It’s the first thing listeners see, so your podcast needs to be attention grabbing. Use appealing colours and clear images that are easy to see, even when the cover art size is small. If you’re not entirely sure what your artwork should look like, try taking inspiration from others on places like iTunes. For example, go for a very simple and minimalistic design like these:
Alternatively, try compact design. It’s a way to add plenty of appealing images and visuals to make your potential listeners check you out:
Cover art should be minimum 1400 x 1400 pixels, maximum 2048 x 2048 pixels in size, in JPG or PNG, and under 0.5MB. Need help designing your artwork? Hire a freelancer on Fiverr to create you something awesome.
Getting your podcast out there requires a hosting platform. Luckily, there’s a bunch of services that store your shows which allow people to tune in, download episodes, and subscribe to your podcast.
Podcasting platforms like Libsyn offer a free website to showcase and manage your shows. However, if you want more control and custom branding then you’re better off creating your own website.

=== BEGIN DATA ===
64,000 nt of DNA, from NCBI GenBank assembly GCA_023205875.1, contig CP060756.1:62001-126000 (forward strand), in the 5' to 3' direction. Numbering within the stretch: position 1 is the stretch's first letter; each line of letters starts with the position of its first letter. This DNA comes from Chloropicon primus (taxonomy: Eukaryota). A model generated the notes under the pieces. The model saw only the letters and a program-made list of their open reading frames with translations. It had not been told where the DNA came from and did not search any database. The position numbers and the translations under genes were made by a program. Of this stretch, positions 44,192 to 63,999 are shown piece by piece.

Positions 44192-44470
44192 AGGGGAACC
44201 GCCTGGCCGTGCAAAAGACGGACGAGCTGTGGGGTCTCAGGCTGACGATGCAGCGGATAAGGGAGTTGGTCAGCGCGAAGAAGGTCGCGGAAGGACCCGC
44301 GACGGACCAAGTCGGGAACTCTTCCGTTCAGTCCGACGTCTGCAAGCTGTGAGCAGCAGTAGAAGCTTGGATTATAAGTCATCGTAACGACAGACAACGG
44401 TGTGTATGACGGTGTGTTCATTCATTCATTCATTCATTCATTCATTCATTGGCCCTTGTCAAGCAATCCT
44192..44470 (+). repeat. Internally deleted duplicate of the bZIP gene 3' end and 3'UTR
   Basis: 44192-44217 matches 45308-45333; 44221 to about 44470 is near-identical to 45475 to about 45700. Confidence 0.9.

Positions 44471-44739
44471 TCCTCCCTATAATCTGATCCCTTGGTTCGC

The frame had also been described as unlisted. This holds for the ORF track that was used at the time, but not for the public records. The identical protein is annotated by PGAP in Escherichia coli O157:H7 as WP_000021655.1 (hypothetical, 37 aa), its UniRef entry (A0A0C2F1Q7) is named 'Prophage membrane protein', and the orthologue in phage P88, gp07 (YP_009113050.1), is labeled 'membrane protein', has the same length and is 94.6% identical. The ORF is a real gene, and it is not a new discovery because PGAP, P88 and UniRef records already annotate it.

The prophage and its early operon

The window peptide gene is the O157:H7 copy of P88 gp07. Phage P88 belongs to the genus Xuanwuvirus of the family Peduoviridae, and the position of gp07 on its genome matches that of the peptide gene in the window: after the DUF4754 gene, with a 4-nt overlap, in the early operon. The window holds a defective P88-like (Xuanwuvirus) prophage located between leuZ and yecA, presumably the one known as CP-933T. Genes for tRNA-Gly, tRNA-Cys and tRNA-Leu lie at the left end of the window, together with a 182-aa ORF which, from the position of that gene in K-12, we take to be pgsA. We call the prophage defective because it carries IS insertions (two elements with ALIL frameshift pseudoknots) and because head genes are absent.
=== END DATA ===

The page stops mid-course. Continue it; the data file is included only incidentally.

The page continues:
Hosting your podcast online doesn’t automatically mean people will tune in. Promote your podcast to as many listeners as possible by submitting your shows to directories.
The most well-known and popular directory to date is iTunes. To submit your podcast you need:
You need an Apple ID to submit your podcast to iTunes. Create an account here, then follow these steps:
Podcasts submitted to iTunes are moderated. It can take up to 10 working days to get approved. Apple will send you a confirmation email on on successful listing with an iTunes subscribe URL. Add this to your website to grow your listeners.
Besides iTunes, there’s a few other places you can submit your podcast to:
Hopefully, you’re more prepared to tackle the challenges ahead. Do you have questions on how to create a podcast? If you’re completely new to podcasting and need a helping hand, then get in touch with us at [email protected]. Looking forward to hearing from you!